Send to

Choose Destination
Nutr Res Rev. 2013 Jun;26(1):39-48. doi: 10.1017/S0954422413000024. Epub 2013 Apr 8.

An insight into the public acceptance of nutrigenomic-based personalised nutrition.

Author information

Department of Food and Nutritional Sciences and Institute for Cardiovascular and Metabolic Research-ICMR, University of Reading, Whiteknights, Reading RG6 6AP, UK.


It is predicted that non-communicable diseases will account for over 73 % of global mortality in 2020. Given that the majority of these deaths occur in developed countries such as the UK, and that up to 80 % of chronic disease could be prevented through improvements in diet and lifestyle, it is imperative that dietary guidelines and disease prevention strategies are reviewed in order to improve their efficacy. Since the completion of the human genome project our understanding of complex interactions between environmental factors such as diet and genes has progressed considerably, as has the potential to individualise diets using dietary, phenotypic and genotypic data. Thus, there is an ambition for dietary interventions to move away from population-based guidance towards 'personalised nutrition'. The present paper reviews current evidence for the public acceptance of genetic testing and personalised nutrition in disease prevention. Health and clear consumer benefits have been identified as key motivators in the uptake of genetic testing, with individuals reporting personal experience of disease, such as those with specific symptoms, being more willing to undergo genetic testing for the purpose of personalised nutrition. This greater perceived susceptibility to disease may also improve motivation to change behaviour which is a key barrier in the success of any nutrition intervention. Several consumer concerns have been identified in the literature which should be addressed before the introduction of a nutrigenomic-based personalised nutrition service. Future research should focus on the efficacy and implementation of nutrigenomic-based personalised nutrition.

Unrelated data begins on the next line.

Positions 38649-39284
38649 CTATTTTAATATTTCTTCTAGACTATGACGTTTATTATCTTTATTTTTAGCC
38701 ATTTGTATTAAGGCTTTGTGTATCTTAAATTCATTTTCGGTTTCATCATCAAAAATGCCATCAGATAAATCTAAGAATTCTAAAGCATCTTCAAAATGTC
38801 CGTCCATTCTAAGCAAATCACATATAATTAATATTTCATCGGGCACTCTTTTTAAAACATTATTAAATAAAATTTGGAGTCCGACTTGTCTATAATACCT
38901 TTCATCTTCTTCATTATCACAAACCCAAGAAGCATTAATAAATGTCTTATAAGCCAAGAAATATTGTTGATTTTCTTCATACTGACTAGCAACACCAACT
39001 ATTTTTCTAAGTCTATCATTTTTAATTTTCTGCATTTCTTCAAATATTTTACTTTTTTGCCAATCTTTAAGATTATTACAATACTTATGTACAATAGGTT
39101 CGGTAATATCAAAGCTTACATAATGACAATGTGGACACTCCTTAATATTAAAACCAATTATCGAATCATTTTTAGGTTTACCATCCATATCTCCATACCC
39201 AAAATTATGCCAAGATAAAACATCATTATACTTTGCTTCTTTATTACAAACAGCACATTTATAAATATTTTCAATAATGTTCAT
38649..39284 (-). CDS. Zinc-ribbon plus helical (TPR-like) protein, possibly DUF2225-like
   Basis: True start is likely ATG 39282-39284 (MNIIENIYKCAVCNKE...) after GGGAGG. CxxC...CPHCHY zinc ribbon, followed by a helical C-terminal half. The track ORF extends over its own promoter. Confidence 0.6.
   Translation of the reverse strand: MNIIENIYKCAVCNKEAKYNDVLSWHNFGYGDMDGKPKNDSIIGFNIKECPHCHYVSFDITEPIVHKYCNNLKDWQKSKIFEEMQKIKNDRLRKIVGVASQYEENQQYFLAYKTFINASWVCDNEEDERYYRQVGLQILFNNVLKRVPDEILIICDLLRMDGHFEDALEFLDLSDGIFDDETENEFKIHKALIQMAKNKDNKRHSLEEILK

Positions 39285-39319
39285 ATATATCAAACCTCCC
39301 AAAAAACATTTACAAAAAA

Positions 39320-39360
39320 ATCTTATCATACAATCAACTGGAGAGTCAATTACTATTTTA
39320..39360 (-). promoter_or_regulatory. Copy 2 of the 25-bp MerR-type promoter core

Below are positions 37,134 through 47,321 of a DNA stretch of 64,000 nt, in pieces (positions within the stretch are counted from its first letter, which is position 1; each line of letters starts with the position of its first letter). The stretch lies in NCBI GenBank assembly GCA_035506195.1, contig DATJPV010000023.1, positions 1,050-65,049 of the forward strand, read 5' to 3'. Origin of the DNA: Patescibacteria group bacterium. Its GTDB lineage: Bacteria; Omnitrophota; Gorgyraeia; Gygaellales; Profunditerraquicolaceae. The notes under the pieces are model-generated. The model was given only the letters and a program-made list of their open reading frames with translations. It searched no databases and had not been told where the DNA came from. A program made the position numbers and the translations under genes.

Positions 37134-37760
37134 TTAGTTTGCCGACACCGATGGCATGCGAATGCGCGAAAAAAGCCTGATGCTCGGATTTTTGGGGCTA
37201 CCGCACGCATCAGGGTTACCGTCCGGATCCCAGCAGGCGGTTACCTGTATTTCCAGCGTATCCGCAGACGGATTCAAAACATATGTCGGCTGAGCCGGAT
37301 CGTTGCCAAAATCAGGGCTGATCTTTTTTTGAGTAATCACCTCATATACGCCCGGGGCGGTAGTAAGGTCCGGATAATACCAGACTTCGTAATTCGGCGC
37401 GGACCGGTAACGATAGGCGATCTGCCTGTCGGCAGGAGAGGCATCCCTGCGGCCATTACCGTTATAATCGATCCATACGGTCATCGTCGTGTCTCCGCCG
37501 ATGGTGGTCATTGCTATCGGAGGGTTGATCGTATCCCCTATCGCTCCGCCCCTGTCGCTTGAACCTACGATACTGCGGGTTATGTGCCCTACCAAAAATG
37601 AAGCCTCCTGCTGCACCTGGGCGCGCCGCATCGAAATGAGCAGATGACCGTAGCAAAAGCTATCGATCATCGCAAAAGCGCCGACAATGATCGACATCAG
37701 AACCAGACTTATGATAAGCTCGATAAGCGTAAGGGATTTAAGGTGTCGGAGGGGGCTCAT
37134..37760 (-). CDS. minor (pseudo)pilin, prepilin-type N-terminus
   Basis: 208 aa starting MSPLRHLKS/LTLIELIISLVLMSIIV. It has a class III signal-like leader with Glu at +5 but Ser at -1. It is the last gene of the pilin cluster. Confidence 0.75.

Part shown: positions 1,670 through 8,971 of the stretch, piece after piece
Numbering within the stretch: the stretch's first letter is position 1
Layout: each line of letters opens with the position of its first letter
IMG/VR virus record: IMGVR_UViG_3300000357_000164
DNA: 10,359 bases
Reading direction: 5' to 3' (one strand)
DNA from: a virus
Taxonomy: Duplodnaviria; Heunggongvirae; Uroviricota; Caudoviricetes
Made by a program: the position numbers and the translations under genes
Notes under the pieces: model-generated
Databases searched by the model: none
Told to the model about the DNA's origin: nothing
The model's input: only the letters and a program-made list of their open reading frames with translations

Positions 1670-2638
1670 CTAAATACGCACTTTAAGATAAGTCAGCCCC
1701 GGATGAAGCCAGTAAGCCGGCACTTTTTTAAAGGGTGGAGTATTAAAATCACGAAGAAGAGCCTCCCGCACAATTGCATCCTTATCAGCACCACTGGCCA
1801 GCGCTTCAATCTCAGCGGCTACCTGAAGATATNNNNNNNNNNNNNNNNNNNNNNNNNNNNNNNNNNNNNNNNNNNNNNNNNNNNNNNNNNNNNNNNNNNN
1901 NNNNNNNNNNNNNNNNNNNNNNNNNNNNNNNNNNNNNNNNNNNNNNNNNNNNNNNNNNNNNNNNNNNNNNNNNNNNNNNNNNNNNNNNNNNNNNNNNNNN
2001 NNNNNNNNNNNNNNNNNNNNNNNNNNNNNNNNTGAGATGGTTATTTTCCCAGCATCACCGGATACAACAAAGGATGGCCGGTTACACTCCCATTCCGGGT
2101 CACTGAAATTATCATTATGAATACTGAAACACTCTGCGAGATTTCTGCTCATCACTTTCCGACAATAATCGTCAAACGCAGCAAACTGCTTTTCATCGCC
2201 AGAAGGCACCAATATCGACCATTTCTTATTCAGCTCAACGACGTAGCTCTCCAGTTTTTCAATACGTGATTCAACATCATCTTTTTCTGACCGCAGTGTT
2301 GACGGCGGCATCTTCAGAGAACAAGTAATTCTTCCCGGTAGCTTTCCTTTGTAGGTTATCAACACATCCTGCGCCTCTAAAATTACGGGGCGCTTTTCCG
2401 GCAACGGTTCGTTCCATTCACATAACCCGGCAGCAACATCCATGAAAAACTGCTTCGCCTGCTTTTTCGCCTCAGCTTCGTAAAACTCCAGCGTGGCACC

[Indexed for MEDLINE]

Supplemental Content

Full text links

Icon for Cambridge University Press
Loading ...
Support Center